Don't let clouds pass you by

WMO wants you to capture those moments

The World Meteorological Organization is asking scientists and amateur sky watchers to spend some time with their heads, and cameras, in the clouds.

Since 1939, the Geneva, Switzerland-based organization has published an International Cloud Atlas to help ensure uniform cloud classification standards and descriptions. But the atlas hasn’t been updated since 1987, and a lot in the world has changed since then – notably the advent of the Internet and digital imagery.

So WMO has embarked on a project to update the atlas for the 21st century. The goal is to infuse the atlas with sharper images, a new glossary, descriptions, and, as part of a Web-based edition, time-lapse images and videos. The WMO is calling for submissions by professional meteorologists and others.

A hole-punch cloud or Fallstreak Hole
A fallstreak hole cloud, also known as a hole punch cloud or sky punch cloud, dominates the sky over Hong Kong. (Photo by Lee Tse-cheung.)

"We want observers and enthusiasts everywhere in the world to have correct, consistent names describing the clouds they see," said Steve Cohn, an NCAR scientist and chair of the WMO committee of cloud experts overseeing the project. "It’s similar in concept to the classification schemes for the animal and plant kingdoms."

Cohn isn’t a cloud expert, but he’s been active in WMO and was chosen committee chair based on his management experience at NCAR.  While he still might look at clouds primarily for their beauty, he is enthusiastic about the scientific reasons for updating the atlas.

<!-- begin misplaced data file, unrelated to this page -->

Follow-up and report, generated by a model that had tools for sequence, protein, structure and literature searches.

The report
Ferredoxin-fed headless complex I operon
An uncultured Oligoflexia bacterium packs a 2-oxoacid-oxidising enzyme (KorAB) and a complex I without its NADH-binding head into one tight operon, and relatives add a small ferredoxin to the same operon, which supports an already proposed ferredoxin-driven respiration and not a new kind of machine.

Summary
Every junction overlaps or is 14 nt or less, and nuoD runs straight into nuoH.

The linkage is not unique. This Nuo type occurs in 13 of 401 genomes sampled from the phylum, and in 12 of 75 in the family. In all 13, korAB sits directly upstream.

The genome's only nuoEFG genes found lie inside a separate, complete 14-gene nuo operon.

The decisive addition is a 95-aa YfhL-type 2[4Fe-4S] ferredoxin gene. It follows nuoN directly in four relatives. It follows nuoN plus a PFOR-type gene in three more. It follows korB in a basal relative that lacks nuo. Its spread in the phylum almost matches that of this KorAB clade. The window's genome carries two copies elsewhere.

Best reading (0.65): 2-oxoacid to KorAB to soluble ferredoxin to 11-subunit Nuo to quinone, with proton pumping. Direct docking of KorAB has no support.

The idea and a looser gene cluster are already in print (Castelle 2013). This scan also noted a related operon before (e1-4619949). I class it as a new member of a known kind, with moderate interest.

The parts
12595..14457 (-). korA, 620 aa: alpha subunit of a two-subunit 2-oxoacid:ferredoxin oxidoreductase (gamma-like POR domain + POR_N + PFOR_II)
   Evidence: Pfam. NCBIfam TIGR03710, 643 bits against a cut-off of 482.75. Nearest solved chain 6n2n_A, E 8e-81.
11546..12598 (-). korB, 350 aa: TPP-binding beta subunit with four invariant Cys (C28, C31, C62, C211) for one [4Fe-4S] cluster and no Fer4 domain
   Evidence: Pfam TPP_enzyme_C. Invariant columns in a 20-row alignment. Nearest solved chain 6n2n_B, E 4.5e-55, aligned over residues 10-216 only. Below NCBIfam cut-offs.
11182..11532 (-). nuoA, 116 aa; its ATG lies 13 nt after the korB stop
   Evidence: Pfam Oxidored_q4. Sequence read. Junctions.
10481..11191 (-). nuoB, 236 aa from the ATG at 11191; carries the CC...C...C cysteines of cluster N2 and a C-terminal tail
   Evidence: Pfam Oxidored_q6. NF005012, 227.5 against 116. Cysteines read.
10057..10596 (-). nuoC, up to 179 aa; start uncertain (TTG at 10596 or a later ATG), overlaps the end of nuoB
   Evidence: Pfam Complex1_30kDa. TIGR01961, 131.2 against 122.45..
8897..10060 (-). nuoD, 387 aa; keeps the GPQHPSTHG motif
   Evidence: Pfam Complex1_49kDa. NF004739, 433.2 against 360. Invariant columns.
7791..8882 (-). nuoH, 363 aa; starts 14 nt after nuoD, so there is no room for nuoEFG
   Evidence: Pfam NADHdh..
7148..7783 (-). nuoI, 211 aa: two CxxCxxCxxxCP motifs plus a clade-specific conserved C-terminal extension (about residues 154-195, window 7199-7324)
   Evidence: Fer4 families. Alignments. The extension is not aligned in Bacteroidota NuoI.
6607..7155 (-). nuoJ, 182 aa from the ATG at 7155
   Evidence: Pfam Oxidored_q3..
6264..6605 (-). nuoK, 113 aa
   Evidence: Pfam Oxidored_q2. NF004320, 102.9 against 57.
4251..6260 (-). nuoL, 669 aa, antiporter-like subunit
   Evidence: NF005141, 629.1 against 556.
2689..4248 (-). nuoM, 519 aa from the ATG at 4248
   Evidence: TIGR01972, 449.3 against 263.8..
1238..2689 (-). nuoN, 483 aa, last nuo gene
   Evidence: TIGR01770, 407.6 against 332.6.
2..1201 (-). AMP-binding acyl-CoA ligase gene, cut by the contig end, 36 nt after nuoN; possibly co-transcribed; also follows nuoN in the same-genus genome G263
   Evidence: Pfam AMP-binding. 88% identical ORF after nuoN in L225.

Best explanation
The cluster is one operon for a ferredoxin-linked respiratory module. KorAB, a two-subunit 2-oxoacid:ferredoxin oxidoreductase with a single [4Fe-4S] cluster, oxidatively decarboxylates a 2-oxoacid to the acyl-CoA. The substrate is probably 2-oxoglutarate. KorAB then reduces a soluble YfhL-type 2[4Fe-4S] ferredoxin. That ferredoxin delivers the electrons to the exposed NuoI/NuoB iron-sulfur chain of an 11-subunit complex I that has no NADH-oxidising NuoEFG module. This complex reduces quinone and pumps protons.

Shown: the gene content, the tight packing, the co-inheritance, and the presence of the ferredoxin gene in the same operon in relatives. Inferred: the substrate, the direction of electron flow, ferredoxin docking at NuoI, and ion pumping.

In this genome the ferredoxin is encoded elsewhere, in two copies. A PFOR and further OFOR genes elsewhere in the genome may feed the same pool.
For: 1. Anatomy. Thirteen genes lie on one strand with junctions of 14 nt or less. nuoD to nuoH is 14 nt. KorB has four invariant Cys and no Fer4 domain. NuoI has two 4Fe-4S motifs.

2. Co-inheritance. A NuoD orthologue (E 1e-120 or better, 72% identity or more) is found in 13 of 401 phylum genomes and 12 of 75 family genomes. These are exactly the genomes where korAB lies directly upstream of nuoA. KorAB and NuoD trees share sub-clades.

"It’s important for meteorologists around the world to have standard terms to describe clouds and cloud features, and it’s important too for storm spotters, forecasters, and others who need to communicate what they see," he said.

The updated atlas won’t just define scientific terms; it also will list and describe some commonly used regional and local terms, such as "Table Top" clouds, a term used for the lenticular clouds that settle over Table Mountain in Cape Town, South Africa.

Cirrus uncinus or "mares' tails"
Cirrus uncinus or mares' tails cloud above southeast England. (Photo by Richard Griffith.)

Clouds are also formed from human activities, such as condensation around industrial smokestacks and aircraft contrails. Images of these special clouds will be included as well, since they are valuable to researchers who study Earth’s radiation budget and climate science.

Cohn noted that the atlas includes observable phenomena other than clouds, such as lightning, haze, halos, St. Elmo’s Fire (plasma created by a coronal discharge), and even mirages.

Is WMO expecting to see new kinds of clouds? Well, just a few months ago, the Cloud Appreciation Society submitted "asperitas" (which means roughness in Latin) for consideration as a new cloud type.

WMO considered the wavelike structures of the cloud’s underside to be more chaotic than the undulatus cloud variety, but still generally associated with what are called stratiform clouds. So it was decided to include "asperitas" as a new cloud "supplementary feature." As part of a Cloud Appreciation Society competition, the WMO committee recently selected a photograph of an asperitas cloud by a photographer in Tasmania, Australia, to be included in the updated atlas.

Now, it’s time for cloud aficonados out there to submit their images  . . .

(For more cloud images, see Bob Henson's blog from Weather Undergound.)

Jeff Smith, science writer and public information officer